Zipp, you dirty rat. Release your game on Steam without mentioning it? I wrote about Zipp’s Café in October and hoped the proprietor would confirm a release date. Sniffing through the annals of Steam, a chance encounter reveals that it’s been out for a few weeks. Thanks for the notification, Steam.

Better late than never, and who doesn’t like a lukewarm coffee? I thought this coffee thing was a fad, so when The Wild Gentlemen branch off from Chicken Police with a coffee/talking sim, I was intrigued. Of course, we met Zipp in one of the best games of 2020. Now it’s his time to shine.

There’s no need for poultry deduction: you play Zipp, it’s his café, and in Zipp’s Café, you serve customers hot beverages and fake meat. For the uninitiated, Zipp was a badman, but went on the straight and set up shop. He’s a philosophical chap and ‘well-lived’, though he’s looking to start a new chapter in his life.

Zipp's Cafe Review - Quit bugging me
Quit bugging me. Source: Steam

His establishment attracts an array of clientele from both sides of the law, from PIs to gangsters and the residents of the Hive. Zipp’s Café is a place where animals and insects can share a space, brew, and a good old-fashioned chinwag. They’ll approach the counter for a chat and then place an order from the menu, perhaps with a couple of alterations.

Zipp’s Café is part visual novel, without dialogue trees, and part cooking simulator. Each of my visits were via the Steam Deck. Besides a couple of adjustments to the resolution to fit everything in, it ran and looked great. However, the steps aren’t intuitive, and working out how to use the machinary is unique.

The tutorial pop-ups mention that you’ll ‘get it’, and true to form, you do, but before that happens, you’re constantly switching to the menu to check what’s required for each coffee. Here’s me thinking it’s hot water, coffee, milk or creamer, plus sweetener, but consider adding pollen, meat substitutes and honey.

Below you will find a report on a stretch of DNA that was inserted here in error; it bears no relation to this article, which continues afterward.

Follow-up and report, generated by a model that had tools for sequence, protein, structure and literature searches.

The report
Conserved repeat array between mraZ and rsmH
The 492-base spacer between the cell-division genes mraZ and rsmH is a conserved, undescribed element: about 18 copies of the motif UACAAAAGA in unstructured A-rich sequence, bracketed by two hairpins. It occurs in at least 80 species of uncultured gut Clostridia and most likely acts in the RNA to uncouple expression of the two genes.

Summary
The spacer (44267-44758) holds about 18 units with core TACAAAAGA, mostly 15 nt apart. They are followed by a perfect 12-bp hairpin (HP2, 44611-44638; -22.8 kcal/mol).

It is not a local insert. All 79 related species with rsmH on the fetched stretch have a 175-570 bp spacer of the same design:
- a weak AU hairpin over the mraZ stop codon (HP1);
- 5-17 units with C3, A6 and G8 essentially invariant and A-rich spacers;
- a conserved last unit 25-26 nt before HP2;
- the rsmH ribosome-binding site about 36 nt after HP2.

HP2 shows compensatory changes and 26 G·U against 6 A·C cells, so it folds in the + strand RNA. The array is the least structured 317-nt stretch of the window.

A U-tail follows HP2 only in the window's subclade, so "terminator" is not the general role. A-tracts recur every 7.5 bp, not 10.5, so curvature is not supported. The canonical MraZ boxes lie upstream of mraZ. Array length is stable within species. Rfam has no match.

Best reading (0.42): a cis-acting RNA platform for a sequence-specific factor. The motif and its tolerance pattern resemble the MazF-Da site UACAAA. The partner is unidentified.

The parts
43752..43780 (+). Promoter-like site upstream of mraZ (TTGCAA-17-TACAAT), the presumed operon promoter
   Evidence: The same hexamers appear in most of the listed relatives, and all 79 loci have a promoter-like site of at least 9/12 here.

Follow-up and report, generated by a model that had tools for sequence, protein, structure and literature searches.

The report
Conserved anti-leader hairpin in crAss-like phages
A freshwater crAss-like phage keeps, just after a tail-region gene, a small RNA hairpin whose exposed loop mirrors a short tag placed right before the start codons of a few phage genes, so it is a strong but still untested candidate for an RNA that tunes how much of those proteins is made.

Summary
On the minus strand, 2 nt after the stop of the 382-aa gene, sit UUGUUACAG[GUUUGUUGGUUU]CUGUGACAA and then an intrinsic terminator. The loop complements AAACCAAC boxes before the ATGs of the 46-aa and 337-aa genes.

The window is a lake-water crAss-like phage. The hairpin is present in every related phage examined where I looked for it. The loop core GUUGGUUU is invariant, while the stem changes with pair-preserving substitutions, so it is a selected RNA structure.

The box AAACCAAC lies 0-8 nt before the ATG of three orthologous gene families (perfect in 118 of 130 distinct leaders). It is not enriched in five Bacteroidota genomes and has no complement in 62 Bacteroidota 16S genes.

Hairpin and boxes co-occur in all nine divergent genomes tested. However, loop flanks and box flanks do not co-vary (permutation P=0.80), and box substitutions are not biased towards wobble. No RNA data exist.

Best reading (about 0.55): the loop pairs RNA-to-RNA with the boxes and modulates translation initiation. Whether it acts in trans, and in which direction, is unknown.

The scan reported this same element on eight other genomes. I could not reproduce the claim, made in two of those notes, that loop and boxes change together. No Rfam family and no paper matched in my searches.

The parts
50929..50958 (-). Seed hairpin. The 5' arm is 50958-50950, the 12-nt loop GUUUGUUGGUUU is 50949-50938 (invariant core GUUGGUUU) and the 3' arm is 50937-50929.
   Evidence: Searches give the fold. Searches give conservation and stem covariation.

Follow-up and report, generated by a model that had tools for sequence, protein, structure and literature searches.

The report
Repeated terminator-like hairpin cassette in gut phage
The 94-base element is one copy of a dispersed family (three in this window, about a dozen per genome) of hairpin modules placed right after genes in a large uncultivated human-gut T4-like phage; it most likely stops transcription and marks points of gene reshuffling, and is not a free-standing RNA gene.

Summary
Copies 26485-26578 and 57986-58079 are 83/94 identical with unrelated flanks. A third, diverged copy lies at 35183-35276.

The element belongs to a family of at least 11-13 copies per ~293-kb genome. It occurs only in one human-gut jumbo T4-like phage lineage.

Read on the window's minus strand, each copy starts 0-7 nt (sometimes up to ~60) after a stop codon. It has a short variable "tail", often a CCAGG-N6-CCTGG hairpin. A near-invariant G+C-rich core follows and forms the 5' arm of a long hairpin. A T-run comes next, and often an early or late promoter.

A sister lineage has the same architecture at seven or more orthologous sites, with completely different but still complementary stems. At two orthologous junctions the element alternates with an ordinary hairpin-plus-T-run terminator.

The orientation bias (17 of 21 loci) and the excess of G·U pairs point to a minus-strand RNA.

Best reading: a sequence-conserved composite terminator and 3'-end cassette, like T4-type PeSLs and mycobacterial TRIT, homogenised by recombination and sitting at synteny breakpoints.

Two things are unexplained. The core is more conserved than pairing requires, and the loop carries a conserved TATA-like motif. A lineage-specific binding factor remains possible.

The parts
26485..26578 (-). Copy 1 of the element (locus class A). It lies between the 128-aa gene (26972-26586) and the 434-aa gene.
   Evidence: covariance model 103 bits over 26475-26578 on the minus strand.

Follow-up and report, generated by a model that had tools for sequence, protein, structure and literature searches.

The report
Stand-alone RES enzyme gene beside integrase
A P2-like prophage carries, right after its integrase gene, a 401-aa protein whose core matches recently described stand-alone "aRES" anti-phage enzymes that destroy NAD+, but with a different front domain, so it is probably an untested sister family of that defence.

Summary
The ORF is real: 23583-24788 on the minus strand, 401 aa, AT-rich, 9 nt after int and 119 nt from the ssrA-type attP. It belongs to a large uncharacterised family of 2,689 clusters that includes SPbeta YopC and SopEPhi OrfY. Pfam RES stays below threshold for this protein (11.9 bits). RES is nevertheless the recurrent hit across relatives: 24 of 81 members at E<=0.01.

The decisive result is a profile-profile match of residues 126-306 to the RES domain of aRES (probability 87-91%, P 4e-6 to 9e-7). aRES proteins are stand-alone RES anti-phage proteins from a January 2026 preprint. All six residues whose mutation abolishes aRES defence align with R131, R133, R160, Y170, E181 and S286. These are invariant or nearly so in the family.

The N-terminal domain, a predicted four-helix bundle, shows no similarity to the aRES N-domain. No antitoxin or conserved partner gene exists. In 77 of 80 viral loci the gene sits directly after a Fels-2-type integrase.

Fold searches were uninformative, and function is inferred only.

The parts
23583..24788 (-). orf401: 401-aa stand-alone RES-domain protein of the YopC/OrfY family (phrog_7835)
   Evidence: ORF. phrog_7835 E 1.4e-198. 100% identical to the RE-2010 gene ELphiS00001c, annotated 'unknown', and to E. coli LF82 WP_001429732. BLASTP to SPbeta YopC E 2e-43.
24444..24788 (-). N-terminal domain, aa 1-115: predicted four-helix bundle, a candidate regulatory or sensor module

Zipp's Cafe Review - Meet thy maker
Meet thy maker. Source: Steam

Once you find your way around the coffee machine, the few customers who visit will ask for food. This is by far the easiest part. Without any timer and the ability to redo each order if you don’t have a suitable ranking, it’s possible to ace this all the way through. Even better, it’s fun doing it, too. Washing up is just plain… odd.

Gameplay is quite light, which is reflected in Zipp’s Café‘s price. Noir’s don’t need to be moodily lit – there are numerous conventions that the developers could have tackled, and in this case, there’s a switch to make the scenes black and white. While this adds a bit of nostalgia for Chicken Police, the artwork here looks better in colour.

Zipp’s Café is a short experience, but a pleasant one at that. You don’t need to have played Chicken Police: Paint it RED! however, it does add to the storytelling aspect as there are mentions of Wessler and where Mick fits into all of this. Honestly, I can’t recommend that game enough. 

As for Zipp’s Café, it’s a nice companion piece, and having played entirely on the Steam Deck, it’s a chill experience with some enjoyable mechanics. Eventually. There are two difficulty modes to select, though I’d encourage you to experience the normal mode as there are options to repeat a step if you or the customer aren’t satisfied with the results.

It fills that void until Chicken Police: Into the HIVE!and all for the price of a coffee. I bet nobody else has said that in a review. Pfft! First.